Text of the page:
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Evidence of Rickettsia spp. infection in Sweden: a clinical, ultrastructural and serological study

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Nilsson K, Lukinius A, Påhlson C, Moron C, Hajem N, Ohlsson B, Lindquist O. Evidence of Rickettsia spp. infection in Sweden: a clinical, ultrastructural and serological study. APMIS 2005;113:126–34.

Sweden is an area potentially endemic for spotted fever rickettsioses. Rickettsia helvetica has been isolated from its tick vector Ixodes ricinus, and in a handful of cases linked to human disease. This study demonstrates for the first time in Sweden the transmission of rickettsial infection after a tick bite and the attack rate in an endemic area. We present three cases of documented rickettsial infection and a prospective serological study of Swedish recruits who were trained in the area where the patients lived and showed seroconversion to spotted fever rickettsiae. All patients showed a four-fold increase in antibody titer to the spotted fever rickettsia, R. helvetica, and immunohistochemical examination revealed rickettsia-like organisms in the walls of skin capillaries and veins. Electron microscopy showed organisms resembling R. helvetica and immunogold labeling with two anti-rickettsial antibodies demonstrated specific labeling of the rickettsial organisms in the skin biopsy specimens. Eight of the thirty-five recruits showed a four-fold increase in IgG titer reflecting a high rate of exposure. The results of this study demonstrate that spotted fever rickettsioses should be taken into consideration in the diagnosis of tick-transmitted infections in Sweden.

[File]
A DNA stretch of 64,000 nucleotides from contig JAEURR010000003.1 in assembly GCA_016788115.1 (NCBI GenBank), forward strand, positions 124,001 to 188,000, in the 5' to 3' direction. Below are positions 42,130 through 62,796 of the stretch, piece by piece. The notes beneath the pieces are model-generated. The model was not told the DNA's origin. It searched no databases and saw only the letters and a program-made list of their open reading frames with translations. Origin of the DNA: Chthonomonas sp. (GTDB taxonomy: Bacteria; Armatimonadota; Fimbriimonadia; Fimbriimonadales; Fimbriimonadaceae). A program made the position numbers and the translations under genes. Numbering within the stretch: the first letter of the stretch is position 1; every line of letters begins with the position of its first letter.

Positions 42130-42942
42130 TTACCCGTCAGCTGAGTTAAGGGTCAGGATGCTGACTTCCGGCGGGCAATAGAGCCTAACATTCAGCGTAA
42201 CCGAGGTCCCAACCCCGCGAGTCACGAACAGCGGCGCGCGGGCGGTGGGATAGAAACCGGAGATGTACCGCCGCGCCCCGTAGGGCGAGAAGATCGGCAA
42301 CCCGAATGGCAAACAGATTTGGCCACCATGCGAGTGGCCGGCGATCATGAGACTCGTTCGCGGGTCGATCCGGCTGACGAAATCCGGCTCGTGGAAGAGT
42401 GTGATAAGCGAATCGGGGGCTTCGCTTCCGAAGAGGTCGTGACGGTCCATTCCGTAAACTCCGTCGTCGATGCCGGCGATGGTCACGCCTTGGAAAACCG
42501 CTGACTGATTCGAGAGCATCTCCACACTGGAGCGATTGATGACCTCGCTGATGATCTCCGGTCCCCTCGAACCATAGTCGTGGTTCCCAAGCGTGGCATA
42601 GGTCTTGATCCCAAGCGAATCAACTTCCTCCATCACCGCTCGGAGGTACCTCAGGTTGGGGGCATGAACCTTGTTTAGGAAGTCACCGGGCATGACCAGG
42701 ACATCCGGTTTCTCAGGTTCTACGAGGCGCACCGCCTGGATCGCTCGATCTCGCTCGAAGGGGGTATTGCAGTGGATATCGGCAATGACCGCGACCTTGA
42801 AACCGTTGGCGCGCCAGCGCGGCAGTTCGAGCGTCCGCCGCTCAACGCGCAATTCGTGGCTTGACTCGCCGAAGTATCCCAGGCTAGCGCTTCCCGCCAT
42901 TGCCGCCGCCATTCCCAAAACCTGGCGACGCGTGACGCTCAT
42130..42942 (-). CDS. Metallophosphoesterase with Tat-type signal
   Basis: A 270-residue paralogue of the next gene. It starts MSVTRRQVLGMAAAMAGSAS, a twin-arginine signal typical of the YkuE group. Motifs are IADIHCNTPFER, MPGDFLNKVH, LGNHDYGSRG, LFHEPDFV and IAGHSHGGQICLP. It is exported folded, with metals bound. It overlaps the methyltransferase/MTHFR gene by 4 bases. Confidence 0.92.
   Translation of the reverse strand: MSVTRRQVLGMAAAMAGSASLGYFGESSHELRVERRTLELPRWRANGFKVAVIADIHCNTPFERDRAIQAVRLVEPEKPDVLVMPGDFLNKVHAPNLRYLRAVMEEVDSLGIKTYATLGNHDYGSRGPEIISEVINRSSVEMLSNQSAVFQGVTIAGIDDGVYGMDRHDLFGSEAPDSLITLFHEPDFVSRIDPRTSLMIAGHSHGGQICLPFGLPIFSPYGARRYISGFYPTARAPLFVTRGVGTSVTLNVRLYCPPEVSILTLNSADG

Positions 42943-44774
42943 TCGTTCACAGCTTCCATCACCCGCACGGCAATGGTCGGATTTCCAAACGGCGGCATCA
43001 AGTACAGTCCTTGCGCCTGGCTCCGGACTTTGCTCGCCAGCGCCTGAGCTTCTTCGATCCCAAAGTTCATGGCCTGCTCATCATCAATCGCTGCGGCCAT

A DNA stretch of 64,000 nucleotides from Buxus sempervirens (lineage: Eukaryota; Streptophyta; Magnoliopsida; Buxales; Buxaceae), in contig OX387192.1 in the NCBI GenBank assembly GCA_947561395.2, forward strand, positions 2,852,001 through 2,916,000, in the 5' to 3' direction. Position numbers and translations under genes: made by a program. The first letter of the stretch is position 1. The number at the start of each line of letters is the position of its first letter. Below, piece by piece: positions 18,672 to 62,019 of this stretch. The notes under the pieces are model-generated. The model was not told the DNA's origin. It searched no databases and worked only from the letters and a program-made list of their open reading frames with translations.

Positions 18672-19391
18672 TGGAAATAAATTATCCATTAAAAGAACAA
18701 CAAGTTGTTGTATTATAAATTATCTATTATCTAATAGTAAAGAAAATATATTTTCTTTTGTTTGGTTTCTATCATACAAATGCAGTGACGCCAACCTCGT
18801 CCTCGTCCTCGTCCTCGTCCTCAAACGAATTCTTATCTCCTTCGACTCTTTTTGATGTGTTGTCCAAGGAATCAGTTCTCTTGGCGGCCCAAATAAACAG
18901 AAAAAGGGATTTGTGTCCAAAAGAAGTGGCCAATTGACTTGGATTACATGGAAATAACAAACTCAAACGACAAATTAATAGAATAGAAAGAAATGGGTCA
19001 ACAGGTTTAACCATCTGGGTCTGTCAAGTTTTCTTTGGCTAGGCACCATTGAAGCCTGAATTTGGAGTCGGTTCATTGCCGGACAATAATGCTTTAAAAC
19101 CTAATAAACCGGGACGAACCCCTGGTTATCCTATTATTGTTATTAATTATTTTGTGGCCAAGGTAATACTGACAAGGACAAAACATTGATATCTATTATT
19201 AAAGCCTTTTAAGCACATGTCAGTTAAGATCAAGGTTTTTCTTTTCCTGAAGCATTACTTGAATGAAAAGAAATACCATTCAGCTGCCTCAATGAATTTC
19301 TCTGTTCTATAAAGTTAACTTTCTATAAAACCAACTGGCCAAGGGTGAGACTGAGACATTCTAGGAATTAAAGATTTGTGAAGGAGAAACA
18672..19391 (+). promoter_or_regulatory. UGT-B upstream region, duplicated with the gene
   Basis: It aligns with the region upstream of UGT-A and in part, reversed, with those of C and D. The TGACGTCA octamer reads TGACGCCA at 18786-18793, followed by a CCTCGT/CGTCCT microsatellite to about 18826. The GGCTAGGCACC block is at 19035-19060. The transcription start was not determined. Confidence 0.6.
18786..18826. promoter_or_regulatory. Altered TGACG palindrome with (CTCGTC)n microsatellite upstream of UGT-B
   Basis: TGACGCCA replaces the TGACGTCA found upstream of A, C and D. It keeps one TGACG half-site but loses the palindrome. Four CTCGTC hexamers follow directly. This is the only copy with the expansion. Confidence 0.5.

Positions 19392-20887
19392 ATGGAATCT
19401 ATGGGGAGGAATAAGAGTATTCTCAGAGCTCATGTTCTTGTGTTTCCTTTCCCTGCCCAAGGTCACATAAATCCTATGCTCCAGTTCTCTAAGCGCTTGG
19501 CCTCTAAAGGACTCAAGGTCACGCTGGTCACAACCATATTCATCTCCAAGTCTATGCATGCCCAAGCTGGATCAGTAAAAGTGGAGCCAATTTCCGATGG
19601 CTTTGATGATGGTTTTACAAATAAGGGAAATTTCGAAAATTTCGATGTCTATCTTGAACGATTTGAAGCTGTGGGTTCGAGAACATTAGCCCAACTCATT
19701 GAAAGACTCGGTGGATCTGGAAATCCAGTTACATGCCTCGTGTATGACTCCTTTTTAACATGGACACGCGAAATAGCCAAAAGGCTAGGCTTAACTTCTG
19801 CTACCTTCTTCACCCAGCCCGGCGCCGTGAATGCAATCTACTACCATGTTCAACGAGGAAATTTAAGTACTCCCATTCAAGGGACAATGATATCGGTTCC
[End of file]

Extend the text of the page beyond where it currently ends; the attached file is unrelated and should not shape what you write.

Keywords: Rickettsiosis; serology; tick; ultrastructure

Document Type: Research Article


Affiliations: 1: Unit of Pathology, Department of Genetics and Pathology, and 2: Department of Biology and Chemical Engineering, Mälardalens University, Eskilstuna, 3: Department of Pathology, WHO Collaborating Center for Tropical Diseases, University of Texas Medical Branch, Texas, USA 4: Gotland Coast Artillery Regiment, Fårösund, 5: Unit of Forensic Medicine, Department of Surgical Sciences, Uppsala University Hospital, Uppsala,

Publication date: February 1, 2005

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